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Posted 16 April 2019 - 12:11 PM

I loooove my C-8/E. I store and use it for visual in southern AZ these days where my parents live. I did use it a few times to take some short run shots of Jupiter when I was first dabbling in AP, but be aware this is not really a good scope to learn ap with. Its easy to set up (size/weight) and although I use it on an Ioptron AZM Pro I have seen others set up on smaller manual mounts. Its quite a cost and visually effective OTA no matter how you mount it.

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#4 HenryB

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Posted 16 April 2019 - 01:50 PM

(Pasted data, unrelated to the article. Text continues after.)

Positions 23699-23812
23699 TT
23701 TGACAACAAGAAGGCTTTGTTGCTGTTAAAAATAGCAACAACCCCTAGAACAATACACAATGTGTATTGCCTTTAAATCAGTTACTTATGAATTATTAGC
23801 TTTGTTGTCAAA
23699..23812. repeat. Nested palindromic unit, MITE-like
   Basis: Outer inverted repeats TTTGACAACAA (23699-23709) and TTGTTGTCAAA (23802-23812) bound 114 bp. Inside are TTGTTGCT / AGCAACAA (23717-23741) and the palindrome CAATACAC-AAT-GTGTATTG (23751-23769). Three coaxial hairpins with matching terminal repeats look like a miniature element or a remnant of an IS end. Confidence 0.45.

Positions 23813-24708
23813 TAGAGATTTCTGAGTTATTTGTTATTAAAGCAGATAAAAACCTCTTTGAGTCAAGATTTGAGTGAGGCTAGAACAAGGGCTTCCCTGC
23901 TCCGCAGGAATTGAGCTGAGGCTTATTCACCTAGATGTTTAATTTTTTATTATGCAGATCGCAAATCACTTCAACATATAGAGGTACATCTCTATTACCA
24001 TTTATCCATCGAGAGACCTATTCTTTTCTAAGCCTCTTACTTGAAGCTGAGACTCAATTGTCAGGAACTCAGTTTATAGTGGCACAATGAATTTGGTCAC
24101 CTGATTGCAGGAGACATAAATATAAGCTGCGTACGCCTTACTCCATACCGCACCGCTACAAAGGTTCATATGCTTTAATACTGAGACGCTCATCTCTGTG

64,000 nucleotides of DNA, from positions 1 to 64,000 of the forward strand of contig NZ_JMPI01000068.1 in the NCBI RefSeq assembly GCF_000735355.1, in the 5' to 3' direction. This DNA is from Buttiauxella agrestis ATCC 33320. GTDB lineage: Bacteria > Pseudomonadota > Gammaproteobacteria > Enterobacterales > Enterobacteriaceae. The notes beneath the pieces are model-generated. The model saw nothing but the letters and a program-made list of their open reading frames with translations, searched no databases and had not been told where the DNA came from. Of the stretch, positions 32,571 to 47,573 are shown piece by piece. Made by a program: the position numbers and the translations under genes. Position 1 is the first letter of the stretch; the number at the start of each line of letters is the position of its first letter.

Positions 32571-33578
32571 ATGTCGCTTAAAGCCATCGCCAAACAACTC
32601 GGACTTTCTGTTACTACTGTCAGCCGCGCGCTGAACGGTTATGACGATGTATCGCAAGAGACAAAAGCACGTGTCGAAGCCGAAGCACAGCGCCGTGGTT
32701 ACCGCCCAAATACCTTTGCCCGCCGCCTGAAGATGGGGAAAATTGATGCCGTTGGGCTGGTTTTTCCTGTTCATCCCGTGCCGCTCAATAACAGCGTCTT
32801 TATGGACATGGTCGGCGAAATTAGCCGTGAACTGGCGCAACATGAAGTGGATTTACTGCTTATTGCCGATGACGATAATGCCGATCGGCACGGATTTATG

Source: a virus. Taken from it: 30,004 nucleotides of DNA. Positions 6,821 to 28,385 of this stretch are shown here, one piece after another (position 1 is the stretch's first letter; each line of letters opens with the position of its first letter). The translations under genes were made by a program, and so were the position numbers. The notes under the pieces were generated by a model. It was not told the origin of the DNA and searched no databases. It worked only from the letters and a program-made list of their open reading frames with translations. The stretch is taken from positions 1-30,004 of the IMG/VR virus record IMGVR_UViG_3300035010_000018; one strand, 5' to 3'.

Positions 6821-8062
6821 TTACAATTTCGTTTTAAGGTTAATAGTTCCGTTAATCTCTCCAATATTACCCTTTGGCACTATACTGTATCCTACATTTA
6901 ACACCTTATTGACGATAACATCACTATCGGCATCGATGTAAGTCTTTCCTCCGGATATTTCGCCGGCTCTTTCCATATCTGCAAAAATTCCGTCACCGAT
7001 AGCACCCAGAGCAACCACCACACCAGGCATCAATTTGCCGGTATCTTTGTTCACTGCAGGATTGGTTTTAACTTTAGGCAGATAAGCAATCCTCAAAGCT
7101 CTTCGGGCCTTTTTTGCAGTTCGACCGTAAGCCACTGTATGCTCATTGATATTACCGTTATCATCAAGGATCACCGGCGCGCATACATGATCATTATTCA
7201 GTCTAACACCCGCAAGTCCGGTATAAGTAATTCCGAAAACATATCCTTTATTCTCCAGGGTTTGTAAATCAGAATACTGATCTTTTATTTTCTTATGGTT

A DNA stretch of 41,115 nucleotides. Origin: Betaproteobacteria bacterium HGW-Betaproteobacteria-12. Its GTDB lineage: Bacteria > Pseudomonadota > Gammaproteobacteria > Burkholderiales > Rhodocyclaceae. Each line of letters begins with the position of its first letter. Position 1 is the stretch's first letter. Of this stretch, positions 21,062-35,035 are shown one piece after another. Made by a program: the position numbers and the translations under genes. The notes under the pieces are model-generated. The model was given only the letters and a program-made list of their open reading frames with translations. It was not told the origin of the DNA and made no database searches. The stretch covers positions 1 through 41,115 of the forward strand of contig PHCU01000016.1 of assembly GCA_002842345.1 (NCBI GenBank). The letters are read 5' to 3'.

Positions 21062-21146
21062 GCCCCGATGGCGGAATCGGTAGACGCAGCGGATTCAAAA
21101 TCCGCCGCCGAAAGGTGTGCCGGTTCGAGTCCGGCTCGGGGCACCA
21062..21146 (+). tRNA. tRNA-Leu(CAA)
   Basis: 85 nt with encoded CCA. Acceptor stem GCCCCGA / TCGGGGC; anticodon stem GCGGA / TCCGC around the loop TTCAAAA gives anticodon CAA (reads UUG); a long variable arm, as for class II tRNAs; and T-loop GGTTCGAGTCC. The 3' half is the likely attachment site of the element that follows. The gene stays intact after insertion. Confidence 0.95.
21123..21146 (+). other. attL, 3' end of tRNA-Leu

SCTs are more fussy than small refractors. This includes collimation and thermal management. You need to learn about these things to get good performance, unlike a small refractor. If you are willing to do this, the brighter images of a C8 HD will be the better choice. I have used SCTs for a long time, and my current C14 HD is the best of the lot.



#5 bobhen

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Posted 16 April 2019 - 02:35 PM

I'm somewhat close to trading my some scopes and buying an 8" Edge HD.  I've been reading reviews that compare it to refractors.  I understand the comparison and appreciate the time someone took to review the two, but all the ones I've seen compared the $1K SCT to multi-thousand refactors or Taks.  How does it compare to a $1000 refractor?  That is what I would like to know.  

 

Sorry... done with my soap box.   

Those reviews were “performance” reviews not “dollars per-inch of aperture” or “value” reviews.